How to get your flexible working request approved

HR expert Anna Ives has over 10 years’ experience as a fully qualified HR expert and has helped 100s of women with all things flexible working. Here she shares with you her insider knowledge on how to get your flexible working approved.

Making a flexible working request


What is a mothers first thought about returning to work after maternity leave? It is likely to be “how am I going to return to work now I have another human being to look after, who I need to put ahead of myself.”

Most women will find doing the same hours they worked before having a child is not an option that they wish to pursue. At the very least, some form of flexibility is required.

The benefits of flexible working

For some reason, a large percentage of our employers do not understand the benefits of flexible working. Therefore, I often find myself trying to persuade managers to allow women to have some form of flexibility at work. Managers often give excuses when rejecting flexible working requests such as:

  • There isn’t anyone to cover the day/s off you want
  • If I let her do it, then the whole department will want to do it
  • I can’t afford to pay someone else to do the work for that day/s
  • That job just won’t work with someone not at their desk 9-5, Monday to Friday.

Although legally these reasons don’t come under the eight that must be stated when rejecting a flexible working application*, they are reasons I hear coming directly from managers or via individuals I have spoken to.

So, how can you get your manager to see the benefits and allow you to have some flexibility, so you can come back to work and spend time with your child/children?

Consider flexible working patterns carefully

The best approach is to consider a pattern that would work for you and your work (and I mean really consider). Is that working three days a week, working compressed hours, working from home, term time working, early start or finish or working a nine-day fortnight?

Then, think of another pattern that would work, and if you can, think of a third.

Think about how the pattern will fit in with your job. Do you know others who have the same day off you would like? Are there any particular meetings on the days you want off? Then avoid them. Think ahead about any reasons for rejection and try to cut them off.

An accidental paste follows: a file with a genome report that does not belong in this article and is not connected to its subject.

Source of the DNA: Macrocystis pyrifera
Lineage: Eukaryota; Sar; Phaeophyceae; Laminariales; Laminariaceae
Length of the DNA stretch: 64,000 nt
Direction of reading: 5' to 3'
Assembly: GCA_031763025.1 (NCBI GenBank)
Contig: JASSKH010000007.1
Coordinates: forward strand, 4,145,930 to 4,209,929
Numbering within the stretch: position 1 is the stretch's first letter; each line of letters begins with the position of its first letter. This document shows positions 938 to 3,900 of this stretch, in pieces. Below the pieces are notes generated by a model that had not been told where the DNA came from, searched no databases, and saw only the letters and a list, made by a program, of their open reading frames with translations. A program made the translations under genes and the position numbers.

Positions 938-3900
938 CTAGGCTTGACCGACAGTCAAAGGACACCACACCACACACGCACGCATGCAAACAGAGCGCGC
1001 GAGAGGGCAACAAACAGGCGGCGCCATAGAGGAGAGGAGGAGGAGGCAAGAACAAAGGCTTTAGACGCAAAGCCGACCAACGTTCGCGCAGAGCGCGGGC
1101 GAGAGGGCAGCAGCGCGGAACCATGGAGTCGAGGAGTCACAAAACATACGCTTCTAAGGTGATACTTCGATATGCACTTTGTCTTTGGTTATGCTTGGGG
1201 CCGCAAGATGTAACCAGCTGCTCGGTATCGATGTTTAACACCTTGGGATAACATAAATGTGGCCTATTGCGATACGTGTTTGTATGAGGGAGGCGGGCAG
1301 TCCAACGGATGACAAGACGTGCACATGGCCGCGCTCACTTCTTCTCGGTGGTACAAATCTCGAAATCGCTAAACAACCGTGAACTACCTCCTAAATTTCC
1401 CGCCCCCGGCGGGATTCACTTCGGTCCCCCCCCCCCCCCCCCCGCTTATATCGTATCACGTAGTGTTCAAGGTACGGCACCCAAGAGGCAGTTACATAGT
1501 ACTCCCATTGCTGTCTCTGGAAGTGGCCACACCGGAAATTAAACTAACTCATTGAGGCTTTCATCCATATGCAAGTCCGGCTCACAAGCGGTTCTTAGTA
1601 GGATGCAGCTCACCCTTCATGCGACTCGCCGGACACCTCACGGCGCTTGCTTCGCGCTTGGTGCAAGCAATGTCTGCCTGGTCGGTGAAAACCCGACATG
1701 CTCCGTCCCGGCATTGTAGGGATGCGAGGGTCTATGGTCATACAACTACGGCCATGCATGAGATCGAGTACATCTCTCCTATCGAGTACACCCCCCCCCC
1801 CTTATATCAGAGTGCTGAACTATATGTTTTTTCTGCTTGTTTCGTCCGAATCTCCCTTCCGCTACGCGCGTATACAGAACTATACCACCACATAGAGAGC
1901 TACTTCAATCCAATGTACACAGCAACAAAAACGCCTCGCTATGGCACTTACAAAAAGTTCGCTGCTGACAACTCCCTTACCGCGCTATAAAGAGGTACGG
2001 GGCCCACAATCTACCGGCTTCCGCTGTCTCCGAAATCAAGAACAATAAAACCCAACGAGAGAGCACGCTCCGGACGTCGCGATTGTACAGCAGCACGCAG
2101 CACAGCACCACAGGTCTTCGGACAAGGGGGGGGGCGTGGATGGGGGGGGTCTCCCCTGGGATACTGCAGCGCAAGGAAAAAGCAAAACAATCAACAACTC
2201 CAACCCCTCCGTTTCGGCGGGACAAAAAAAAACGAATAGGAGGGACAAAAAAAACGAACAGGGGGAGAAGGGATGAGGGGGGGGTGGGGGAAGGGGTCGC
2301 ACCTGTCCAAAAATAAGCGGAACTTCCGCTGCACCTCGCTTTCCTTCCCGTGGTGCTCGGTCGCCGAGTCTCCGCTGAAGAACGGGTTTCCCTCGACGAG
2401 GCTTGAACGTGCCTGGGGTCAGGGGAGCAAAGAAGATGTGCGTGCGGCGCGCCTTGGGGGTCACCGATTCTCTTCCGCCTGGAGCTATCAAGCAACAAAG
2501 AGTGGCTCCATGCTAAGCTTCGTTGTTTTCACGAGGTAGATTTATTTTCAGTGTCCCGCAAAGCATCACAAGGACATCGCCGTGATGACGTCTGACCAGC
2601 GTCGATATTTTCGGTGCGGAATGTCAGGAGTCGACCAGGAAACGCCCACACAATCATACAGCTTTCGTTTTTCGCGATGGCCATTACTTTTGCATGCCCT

Making the application

Try speaking to your manager informally –  you never know, you might just get the pattern you are looking for without going down the formal route.

On the flexible working form, it will ask questions that are alluding to the negative impacts of your requested pattern on your work colleagues and your work in general. Do not state the negatives, state the positives! Have a look at the Timewise power 50 list. There are lots of individuals in really senior positions who work for some big branded employers part time. If it can work for them, show how it can work for you too.

If all else fails ask for a trial period. I would always advise asking for a trial period of at least six months. You can always work backwards if needs be. Six months will give you and your manager a chance to prove that this pattern can work for you both or settle upon a pattern that will. It will also give your child/children time to settle into your chosen pattern of childcare; anything less might have an impact on this.

Finally, if there is an option to appeal use it. Legally employers do not have to offer an appeal, although it is best practice to do so. Plus, how much better would you feel knowing you gave it your all?

Eight legal reasons for a flexible working application rejection

*The eight legal business reasons for rejecting a flexible working application are:

  • the burden of additional costs
  • an inability to reorganise work amongst existing staff
  • an inability to recruit additional staff
  • a detrimental impact on quality
  • a detrimental impact on performance
  • detrimental effect on ability to meet customer demand
  • insufficient work for the periods the employee proposes to work
  • a planned structural change to the business.

Bear these in mind when writing up your application – you want to position it such that you have considered ways to mitigate all these effects, making it difficult for them to (legally) say no.

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